In a statement, the company said a small number of anonymous recordings were transcribed by its experts, and revealed that an investigation had been launched after some Dutch audio data had been leaked.

“We partner with language experts around the world to improve speech technology by transcribing a small set of queries – this work is critical to developing technology that powers products like the Google Assistant,” Google said.

“Language experts only review around 0.2% of all audio snippets, and these snippets are not associated with user accounts as part of the review process.

“We just learned that one of these reviewers has violated our data security policies by leaking confidential Dutch audio data.

“Our Security and Privacy Response teams have been activated on this issue, are investigating, and we will take action.

“We are conducting a full review of our safeguards in this space to prevent misconduct like this from happening again.”

The Sinister, Unconstitutional Effort to Ban Secure Encryption Is Back

In a bizarre flashback to the 1990s, domestic restrictions on the use of encryption are being proposed once again.

Politico has reported that a National Security Council committee discussed last week whether to ban encryption without a mandatory backdoor for government access to plaintext. “Senior officials debated whether to ask Congress to effectively outlaw end-to-end encryption, which scrambles data so that only its sender and recipient can read it,” the article said.

The best way to read this report is that it represents the latest extrusion of the permanent cadre of law enforcement and national security bureaucrats who have never abandoned their efforts, underway for over 20 years, to allow U.S. government agencies to break or bypass encryption embedded in hardware and software products.

The last time this extra-constitutional campaign against encryption kicked off was during the George W. Bush administration, in mid-2008, when FBI officials briefed Senate Intelligence committee members on what they called the “Going Dark” problem. This campaign continued without apparent interruption during the Barack Obama administration, when the FBI asked all field offices in 2009 for anecdotal information about cases in which  “investigations have been negatively impacted” by encryption. By 2012, as I disclosed in an article at the time, the FBI had drafted a proposed law to force tech companies to build in backdoors and was asking the companies not to oppose it. That legislation was never publicly introduced.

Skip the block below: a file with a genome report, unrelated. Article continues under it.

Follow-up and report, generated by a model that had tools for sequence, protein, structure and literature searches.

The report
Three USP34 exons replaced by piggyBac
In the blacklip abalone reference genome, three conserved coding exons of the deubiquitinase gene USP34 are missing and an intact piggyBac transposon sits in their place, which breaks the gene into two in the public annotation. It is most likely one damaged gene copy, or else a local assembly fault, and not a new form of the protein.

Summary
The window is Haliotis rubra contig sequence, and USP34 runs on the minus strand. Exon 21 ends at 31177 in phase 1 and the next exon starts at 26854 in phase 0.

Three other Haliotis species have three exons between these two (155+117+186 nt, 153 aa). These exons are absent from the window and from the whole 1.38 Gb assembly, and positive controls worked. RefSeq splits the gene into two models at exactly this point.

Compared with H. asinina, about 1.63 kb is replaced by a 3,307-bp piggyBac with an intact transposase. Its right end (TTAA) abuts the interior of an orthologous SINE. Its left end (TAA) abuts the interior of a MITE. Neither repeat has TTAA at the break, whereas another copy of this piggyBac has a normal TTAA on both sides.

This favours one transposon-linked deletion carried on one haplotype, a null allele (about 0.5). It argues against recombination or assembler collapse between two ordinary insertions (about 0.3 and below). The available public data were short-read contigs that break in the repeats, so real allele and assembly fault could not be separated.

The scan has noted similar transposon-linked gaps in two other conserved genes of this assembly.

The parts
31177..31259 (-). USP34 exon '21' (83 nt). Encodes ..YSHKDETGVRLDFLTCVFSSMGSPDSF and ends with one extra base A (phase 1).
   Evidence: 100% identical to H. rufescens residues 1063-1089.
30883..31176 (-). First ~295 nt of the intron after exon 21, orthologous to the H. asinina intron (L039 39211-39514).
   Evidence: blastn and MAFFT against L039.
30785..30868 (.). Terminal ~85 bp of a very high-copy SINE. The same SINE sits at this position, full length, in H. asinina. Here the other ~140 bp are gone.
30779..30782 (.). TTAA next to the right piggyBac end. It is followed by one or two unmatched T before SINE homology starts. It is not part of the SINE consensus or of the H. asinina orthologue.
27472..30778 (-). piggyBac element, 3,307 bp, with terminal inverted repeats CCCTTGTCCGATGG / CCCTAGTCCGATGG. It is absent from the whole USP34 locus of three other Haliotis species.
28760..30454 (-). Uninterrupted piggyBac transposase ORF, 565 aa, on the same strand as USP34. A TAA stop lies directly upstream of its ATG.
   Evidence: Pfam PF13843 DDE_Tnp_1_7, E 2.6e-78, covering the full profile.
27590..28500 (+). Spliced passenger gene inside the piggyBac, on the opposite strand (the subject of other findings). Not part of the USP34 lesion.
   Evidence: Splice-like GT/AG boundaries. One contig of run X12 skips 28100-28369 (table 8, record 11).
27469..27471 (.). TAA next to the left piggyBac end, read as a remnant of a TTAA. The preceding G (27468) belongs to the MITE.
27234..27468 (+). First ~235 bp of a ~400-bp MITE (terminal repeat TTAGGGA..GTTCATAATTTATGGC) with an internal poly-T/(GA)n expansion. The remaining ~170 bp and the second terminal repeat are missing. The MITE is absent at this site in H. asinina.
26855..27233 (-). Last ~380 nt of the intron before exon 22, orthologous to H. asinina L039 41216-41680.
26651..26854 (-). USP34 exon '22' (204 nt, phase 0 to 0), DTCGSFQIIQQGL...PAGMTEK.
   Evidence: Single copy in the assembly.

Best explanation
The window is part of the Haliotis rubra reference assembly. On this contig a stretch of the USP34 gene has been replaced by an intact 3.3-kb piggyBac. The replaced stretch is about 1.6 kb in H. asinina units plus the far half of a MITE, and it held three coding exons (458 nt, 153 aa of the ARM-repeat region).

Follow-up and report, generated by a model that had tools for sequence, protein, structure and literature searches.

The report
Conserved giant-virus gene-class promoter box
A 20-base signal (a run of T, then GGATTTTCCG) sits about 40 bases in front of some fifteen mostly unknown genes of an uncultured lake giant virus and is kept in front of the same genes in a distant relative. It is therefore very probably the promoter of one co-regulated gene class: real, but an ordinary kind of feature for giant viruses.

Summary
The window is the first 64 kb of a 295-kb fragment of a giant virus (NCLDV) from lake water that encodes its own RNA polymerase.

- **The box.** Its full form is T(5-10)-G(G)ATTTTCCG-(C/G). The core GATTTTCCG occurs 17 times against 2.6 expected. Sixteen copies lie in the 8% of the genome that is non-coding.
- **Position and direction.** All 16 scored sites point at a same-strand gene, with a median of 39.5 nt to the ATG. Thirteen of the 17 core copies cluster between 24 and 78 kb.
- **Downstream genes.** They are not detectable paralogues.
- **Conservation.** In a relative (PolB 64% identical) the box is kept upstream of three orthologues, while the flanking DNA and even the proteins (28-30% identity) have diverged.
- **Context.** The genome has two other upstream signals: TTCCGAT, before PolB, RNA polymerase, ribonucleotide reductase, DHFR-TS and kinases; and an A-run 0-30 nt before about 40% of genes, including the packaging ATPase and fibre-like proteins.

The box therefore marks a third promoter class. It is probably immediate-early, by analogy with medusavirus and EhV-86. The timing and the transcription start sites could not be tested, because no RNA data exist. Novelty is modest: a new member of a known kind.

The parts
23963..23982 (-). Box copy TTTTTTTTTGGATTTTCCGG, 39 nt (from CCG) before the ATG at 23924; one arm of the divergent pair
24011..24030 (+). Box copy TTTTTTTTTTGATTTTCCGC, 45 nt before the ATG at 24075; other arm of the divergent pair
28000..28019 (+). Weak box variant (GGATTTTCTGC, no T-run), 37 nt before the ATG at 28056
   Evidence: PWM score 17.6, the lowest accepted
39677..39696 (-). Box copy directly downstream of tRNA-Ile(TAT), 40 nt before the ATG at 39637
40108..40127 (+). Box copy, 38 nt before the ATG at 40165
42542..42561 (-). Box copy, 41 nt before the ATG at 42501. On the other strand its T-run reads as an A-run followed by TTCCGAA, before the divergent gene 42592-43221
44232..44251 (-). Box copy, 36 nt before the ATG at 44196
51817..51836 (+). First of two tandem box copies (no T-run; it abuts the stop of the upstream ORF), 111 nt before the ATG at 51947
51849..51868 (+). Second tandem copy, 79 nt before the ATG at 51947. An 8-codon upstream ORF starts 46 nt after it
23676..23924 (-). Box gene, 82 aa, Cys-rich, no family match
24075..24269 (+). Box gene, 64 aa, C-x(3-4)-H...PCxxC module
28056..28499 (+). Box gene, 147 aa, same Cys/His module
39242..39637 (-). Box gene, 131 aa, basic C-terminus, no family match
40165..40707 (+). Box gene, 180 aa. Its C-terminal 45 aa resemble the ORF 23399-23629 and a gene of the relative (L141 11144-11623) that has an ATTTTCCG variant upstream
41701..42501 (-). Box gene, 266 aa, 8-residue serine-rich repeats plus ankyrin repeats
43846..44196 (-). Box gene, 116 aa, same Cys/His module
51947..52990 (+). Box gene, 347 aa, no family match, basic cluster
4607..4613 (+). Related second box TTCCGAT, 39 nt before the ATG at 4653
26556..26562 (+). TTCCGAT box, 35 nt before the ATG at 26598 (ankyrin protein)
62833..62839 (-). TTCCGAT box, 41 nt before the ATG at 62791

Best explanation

Details on the latest discussions are nonexistent, as Politico delicately acknowledged (they were “unable to determine what participating agency leaders said during the meeting”). But anti-crypto legislation has been introduced in the past.

In 1997, after lobbying by law enforcement and intelligence agencies, one House of Representatives committee actually voted for mandatory backdoors. The committee’s rewritten version of the bill, H.R. 695, said: “After January 31, 2000, it shall be unlawful for any person to manufacture for distribution, distribute, or import encryption products intended for sale or use in the United States, unless that product includes features or functions that provide an immediate access to plaintext capability” in response to a court order. The plaintext must be able to be acquired, the legislation said, “without the knowledge or cooperation of the person being investigated.”

Industry efforts killed this version, and it was not taken up by the full House of Representatives. But let’s review for emphasis. Elected members of Congress actually wanted to imprison American citizens (and permanently take away related liberties like the right to own firearms, as the U.S. Court of Appeals for the 7th Circuit recently reminded us) for allowing other Americans to communicate privately. A lawyer, working as legislative counsel, actually agreed to undertake the task of drafting language. And a committee of the U.S. Congress actually voted for it.

In a constitutional republic, this is properly seen as risible. Police may be granted the authority, through legal processes, and within reasonable limits, to search our possessions. But they are not guaranteed success. We are not required to speak only in languages that senior FBI officials prefer. We are not required to talk only in locations where police can readily eavesdrop. As John Gilmore, the libertarian co-founder of the Electronic Frontier Foundation, pointed out during the 1990s crypto wars, the patriots fighting the American Revolution were able to enjoy perfect privacy by rowing to the middle of Boston Harbor. (Encryption wasn’t unknown to those revolutionaries either.)

Based on the Politico report, last week’s meeting is the continuation of efforts by federal agencies that now qualify as multi-generational. It can be traced back to when the National Security Agency convinced IBM to use a shorter, easier-to-crack key length for the DES encryption algorithm in the 1970s, and continues through the National Security Agency’s efforts, disclosed by Edward Snowden, to weaken encryption algorithms today. This is what detractors might call the “deep state,” the unseen government within the government that does not change with elections, which outlasts individual politicians and department heads.